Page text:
Midpeninsula Post

PAUSD elementary ELA curriculum spurs debate between teachers, board members, parents

Palo Alto High School in September 2021. (Emily Yao)

A Palo Alto Unified School District board discussion over elementary ELA curricula sparked contentious debate between teachers, board members and parents Wednesday night. 

Numerous teachers involved in the curriculum adoption process expressed dissatisfaction with the piloted curricula and urged the board to allow more time to make a better recommendation. The board will vote on whether to implement the chosen curricula next school year at its May 10 meeting. 

The adoption process to switch out the current curriculum was initiated last May; the current curriculum was not formally adopted using the board policy and administrative regulation and failed to support underrepresented students, according to Superintendent Don Austin. He said that the district has been falling short of its equity promise because scores of underrepresented students have continued to lag. 

The Elementary ELA Pilot and Adoption Committee — composed of 41 members representing librarians, reading specialists, education specialists, community members and administrators across all PAUSD elementary schools — was formed last August and tasked to pilot two to three curricula, then make a formal recommendation to the superintendent. 

That recommendation, presented at Wednesday’s meeting, was to adopt the “Benchmark Advance/Adelante” and “Teachers College Unit of Study in Writing” curricula by Benchmark Education Company and Heinemann.

But the recommendation did not receive much support: A majority of teachers abstained from making a final recommendation at the last committee meeting, according to Danae Reynolds, lead principal of literary instruction. Reynolds presented the curricula recommendations at the meeting.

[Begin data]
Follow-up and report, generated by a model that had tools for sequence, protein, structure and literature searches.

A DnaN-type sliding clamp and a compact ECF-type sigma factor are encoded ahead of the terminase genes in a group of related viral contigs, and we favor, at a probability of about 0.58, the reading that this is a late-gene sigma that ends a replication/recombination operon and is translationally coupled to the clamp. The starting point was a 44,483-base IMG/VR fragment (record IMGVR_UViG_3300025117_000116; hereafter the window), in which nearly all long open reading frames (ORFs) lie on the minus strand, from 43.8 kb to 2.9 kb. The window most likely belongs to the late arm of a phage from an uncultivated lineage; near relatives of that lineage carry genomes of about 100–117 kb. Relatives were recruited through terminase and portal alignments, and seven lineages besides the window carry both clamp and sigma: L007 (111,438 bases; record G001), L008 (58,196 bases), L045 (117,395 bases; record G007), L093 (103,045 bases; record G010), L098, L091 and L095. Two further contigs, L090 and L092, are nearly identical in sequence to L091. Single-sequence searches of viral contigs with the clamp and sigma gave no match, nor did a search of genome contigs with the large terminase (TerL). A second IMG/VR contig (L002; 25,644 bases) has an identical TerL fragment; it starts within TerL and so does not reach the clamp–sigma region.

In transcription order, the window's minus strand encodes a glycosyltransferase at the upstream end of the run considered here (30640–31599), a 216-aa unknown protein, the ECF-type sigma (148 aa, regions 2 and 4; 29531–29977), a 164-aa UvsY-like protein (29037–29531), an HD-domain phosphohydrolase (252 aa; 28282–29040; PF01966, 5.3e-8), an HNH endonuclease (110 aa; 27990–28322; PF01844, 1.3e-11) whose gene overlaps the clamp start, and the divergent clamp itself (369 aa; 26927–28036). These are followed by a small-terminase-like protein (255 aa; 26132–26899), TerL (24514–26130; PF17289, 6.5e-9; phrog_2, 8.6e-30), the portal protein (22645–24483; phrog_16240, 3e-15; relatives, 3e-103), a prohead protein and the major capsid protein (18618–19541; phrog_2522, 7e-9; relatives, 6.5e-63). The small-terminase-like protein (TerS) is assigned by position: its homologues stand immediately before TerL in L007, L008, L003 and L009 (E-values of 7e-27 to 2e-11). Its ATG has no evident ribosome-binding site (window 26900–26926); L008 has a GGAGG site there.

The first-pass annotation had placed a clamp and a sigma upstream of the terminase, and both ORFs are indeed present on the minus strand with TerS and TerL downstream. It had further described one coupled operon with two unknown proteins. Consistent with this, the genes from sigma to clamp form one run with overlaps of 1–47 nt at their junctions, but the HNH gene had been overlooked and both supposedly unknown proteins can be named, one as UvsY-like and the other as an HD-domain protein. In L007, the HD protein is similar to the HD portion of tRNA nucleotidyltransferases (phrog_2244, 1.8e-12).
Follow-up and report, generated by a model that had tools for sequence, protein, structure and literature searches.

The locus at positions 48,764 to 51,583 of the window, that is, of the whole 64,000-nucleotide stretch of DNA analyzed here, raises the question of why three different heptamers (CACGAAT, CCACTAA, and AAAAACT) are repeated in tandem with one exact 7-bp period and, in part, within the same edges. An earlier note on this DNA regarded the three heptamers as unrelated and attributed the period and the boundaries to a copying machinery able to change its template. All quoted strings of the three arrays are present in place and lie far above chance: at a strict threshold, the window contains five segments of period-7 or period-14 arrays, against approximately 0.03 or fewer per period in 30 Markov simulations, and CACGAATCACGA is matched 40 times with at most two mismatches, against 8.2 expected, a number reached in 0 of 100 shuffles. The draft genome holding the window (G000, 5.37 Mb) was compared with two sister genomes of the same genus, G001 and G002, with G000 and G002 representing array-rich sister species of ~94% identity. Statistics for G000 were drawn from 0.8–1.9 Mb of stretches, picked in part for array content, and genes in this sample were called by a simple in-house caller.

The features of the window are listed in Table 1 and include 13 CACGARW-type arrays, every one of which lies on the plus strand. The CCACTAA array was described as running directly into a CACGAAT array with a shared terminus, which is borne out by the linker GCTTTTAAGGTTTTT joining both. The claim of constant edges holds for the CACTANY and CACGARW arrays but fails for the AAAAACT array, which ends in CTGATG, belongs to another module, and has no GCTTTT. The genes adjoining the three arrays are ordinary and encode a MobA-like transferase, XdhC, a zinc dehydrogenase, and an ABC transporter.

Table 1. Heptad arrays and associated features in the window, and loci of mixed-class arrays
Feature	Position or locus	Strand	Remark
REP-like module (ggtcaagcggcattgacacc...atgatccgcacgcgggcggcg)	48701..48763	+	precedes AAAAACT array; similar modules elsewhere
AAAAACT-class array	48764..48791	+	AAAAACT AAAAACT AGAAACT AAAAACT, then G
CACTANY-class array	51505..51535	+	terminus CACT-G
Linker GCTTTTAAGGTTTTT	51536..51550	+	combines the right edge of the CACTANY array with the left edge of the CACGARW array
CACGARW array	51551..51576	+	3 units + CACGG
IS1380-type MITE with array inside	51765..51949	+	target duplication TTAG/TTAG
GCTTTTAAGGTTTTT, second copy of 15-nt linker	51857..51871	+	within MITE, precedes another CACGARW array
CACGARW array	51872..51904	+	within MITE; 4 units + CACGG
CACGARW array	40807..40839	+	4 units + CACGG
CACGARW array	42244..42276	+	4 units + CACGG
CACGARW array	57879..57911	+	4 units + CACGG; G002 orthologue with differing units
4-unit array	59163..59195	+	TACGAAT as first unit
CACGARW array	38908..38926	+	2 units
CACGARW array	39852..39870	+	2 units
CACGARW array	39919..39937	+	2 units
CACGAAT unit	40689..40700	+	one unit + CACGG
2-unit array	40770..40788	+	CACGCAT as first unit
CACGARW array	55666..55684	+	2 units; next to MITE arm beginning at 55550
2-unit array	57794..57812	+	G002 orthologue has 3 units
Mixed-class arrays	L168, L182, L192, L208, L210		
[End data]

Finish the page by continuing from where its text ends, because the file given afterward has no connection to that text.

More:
“When it came time to vote for one of the proposed curricula, 20 of [25] educators abstained from voting,” said elementary teacher Jennifer Koepnick, during public comment. “While it’s one issue to not have a clear majority, it’s an entirely different concern when so many professionals, like the very educators who piloted this curriculum, chose not to vote at all. We ask [the board] to reconsider adopting a curriculum that does not meet our expectations and does not best serve our students.” 

Over 50 teachers part of the Palo Alto Educators Association opposed piloted curricula at the board meeting; Koepnick and 21 other teachers spoke during public comment, as well as several parents and a former PAUSD student.

“I could not in good conscience choose between three teacher-centered, one-size-fits-all programs that go against everything I have learned to be effective literacy instruction,” said Angeline Rodriguez, elementary teacher and one committee member who abstained from voting. “Having to choose between three sub-par literacy programs is not upholding the PAUSD promise.”

Rodriguez asked the board to give the committee more time to pilot other ELA curricula, emphasizing that such an important decision was not to be made in haste.

Elementary teacher Christina Nosek added that had she voted for something that she believed was not good for her students, she wouldn’t be able to look her colleagues, or herself, in the eye again; doing so would have violated her duty as a teacher during public comment. 

“Many teachers have told us that they will not serve on district committees in the future,” said elementary teacher David Cohen to the board. “It is sad that our dedicated professional educators doing the work in the classrooms feel their professional opinion — which was sought out — now does not matter.”

Other community members voiced support for the new curriculum, arguing that it was compliant with state ELA and dyslexic guidelines, and that PAUSD teachers were capable of implementing the curriculum well. 

Board members Shounak Dharap, Todd Collins and Jesse Ladomirak acknowledged that while it was unideal that teachers were not satisfied with the curricula recommendations, there was no perfect solution.

“I know it’s a lot to do, and I know this feels rushed, and I know if the process had slowed down, maybe it would have been less imperfect — but I am very resistant to the idea that we should give this any more time,” Ladomirak said. 

In the end, Reynolds said she holds confidence that the district will be successful if members of the PAUSD community put in their hearts and minds to do what’s best for students. 

“It isn’t about [the curriculum]. It’s about how we think about teaching students, knowing each of the students and knowing what they need,” Reynolds said. “What we have right now will get us very far.”

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